It’s a measure of how much affection Charles Kennedy was held in by his fellow parliamentarians that many of the tributes from his peers since his death was announced this morning have actually come across as genuine rather than token; no mean feat for the theatre of the insincere. Even those in his own party who formed an orderly queue with daggers in hand when his drinking became enough of an issue to threaten his leadership of the Liberal Democrats have waxed lyrically on his considerable political gifts; perhaps they have belatedly realised that under Kennedy’s stewardship, their party was popular in a way it never will be again. But then, Charles Kennedy was a bit of an aberration where contemporary politics are concerned.
One of the longest-serving MPs who initially arrived at Westminster representing the SDP, Kennedy entered the Commons aged just 23 after winning the newly created constituency of Ross, Cromarty and Skye in 1983 and for four years held the unenviable title of ‘Baby of the House’. A prime motivator in the official merger of the SDP and Liberals in the late 80s, Kennedy was eventually elected president of the party and quickly became one of the most recognisable Lib Dems due to his genial persona coming across well on TV, especially on that graveyard of many a politician, ‘Have I Got News for You’.
When he succeeded Paddy Ashdown as Lib Dem leader in 1999, Kennedy’s party held 46 seats, the best third party seats tally since 1929. Although that tally in itself was a massive improvement on what the old Liberal Party had been accustomed to in the 1970s and 80s, Tony Blair’s copybook remained un-blotted at this stage and the huge Labour majority seemed too great for any third party to have much impact upon. However, Kennedy’s leadership, while unspectacular, was certainly steady and at the 2001 General Election, the Lib Dems gained six more seats to take them up to 52. Two years later, an event occurred that was to sully Blair’s reputation forevermore and would raise Charles Kennedy’s profile to an unprecedented level for a third party leader, the invasion of Iraq.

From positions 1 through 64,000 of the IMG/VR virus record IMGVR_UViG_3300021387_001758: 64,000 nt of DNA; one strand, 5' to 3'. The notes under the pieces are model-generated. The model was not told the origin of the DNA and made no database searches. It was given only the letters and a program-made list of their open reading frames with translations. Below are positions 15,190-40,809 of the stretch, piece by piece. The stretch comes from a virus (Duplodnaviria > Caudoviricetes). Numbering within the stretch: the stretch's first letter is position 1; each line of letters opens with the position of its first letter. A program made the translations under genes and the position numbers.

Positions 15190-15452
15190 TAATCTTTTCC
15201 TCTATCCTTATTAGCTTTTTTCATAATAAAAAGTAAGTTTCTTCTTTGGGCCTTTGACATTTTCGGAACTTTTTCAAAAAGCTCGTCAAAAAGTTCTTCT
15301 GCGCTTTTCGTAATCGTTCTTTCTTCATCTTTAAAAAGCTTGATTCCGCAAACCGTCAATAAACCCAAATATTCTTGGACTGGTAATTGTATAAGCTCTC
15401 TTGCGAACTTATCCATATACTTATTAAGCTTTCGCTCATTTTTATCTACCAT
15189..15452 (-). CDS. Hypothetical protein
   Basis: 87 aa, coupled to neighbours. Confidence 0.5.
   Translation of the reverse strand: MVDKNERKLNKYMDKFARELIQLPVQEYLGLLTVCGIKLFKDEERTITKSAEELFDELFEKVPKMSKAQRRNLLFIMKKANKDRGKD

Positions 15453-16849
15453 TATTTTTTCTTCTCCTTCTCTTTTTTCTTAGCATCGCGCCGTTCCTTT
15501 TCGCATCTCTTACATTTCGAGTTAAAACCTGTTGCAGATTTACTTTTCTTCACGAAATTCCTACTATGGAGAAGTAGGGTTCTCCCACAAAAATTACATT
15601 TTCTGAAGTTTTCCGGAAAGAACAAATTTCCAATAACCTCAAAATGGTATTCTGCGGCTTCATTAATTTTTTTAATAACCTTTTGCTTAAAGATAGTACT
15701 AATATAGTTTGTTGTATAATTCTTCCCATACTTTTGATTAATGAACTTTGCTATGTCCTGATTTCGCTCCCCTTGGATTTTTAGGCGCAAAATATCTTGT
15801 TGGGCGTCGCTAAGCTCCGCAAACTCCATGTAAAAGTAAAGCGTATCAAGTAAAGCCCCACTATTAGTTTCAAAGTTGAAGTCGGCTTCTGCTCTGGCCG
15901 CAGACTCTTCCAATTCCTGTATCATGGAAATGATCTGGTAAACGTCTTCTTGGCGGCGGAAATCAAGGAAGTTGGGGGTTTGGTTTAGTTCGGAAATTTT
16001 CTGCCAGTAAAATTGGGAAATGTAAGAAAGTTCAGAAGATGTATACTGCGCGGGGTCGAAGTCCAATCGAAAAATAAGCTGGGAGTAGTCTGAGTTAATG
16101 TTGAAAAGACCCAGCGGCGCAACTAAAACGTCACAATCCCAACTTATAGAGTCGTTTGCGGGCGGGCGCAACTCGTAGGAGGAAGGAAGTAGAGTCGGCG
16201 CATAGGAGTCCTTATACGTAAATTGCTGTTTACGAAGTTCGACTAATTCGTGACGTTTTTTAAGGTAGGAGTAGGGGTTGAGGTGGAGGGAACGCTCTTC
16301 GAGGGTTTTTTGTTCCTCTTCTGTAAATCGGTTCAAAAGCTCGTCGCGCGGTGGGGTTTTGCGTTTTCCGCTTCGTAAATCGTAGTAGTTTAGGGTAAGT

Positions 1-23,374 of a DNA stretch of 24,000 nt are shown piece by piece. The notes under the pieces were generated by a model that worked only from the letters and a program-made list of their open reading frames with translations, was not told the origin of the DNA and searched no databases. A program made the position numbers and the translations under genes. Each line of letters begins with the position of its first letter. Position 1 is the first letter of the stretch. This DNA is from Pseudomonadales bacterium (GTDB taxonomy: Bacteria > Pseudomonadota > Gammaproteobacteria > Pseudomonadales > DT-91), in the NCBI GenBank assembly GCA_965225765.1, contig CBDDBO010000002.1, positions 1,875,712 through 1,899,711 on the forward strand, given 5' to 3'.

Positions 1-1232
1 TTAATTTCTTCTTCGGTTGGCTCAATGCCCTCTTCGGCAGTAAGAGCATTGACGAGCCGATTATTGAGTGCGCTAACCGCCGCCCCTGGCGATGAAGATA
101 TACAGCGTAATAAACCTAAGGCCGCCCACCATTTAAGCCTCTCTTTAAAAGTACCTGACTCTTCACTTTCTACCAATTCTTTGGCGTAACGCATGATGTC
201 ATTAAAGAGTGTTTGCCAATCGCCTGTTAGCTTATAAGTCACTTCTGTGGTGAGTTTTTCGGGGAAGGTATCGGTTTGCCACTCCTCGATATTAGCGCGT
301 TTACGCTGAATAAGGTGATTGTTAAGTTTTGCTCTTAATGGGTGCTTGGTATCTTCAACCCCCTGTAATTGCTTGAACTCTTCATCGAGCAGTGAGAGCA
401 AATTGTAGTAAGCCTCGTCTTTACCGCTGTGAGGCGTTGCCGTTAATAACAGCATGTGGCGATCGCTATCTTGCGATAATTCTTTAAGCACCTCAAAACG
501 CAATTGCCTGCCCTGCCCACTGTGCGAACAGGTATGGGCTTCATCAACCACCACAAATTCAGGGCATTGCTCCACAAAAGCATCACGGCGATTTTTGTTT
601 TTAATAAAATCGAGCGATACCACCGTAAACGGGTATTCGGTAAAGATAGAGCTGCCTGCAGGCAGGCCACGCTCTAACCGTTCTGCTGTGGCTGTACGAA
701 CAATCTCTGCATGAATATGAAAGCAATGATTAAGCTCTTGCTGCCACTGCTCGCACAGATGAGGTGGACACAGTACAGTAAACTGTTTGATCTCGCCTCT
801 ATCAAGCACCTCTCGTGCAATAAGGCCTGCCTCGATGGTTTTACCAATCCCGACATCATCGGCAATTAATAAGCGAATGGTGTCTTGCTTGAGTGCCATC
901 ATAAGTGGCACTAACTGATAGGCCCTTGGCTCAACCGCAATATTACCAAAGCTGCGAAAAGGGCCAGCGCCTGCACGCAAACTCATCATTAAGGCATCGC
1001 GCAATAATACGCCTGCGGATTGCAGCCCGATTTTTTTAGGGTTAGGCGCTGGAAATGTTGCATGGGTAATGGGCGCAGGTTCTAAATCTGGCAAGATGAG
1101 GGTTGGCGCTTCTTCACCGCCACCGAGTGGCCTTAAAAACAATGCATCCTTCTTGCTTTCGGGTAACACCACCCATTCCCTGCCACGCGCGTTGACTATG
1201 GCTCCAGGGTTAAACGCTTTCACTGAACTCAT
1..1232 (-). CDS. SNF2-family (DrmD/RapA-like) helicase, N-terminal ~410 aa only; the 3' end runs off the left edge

A cynic might say that someone in Charles Kennedy’s position could afford to oppose the Iraq War; after all, Nick Clegg had the freedom to boast about what he would do if in government on the 2010 televised Leaders’ Debates, little knowing he would live to rue his boasts come polling day. But this was one of those rare occasions in which a politician was in synch with public opinion without courting it for popularity. It was evident that, like the majority of the electorate, Charles Kennedy genuinely felt that the invasion was illegal as well as morally wrong, and he didn’t hesitate from stating his belief with conviction in Parliament. The electorate recognised authenticity when they saw it and this was reflected at the 2005 General Election when the Lib Dems won their best-ever tally of 62 seats, the greatest third party performance in over 80 years.
The Lib Dems had collected many votes from disenchanted Labour voters as well as those of all political persuasions who were opposed to the Iraq War, but they had also captured the attention of those who were becoming disillusioned with Westminster politics as a whole. When Michael Howard was succeeded as Tory leader by David Cameron, a man cut from essentially the same cloth as Blair, Charles Kennedy seemed uniquely ‘human’ for a party leader. However, despite one notable befuddled moment during the 2005 Election campaign (one attributed to exhaustion from his new role as a first-time father), few outside of Westminster realised just how human he was.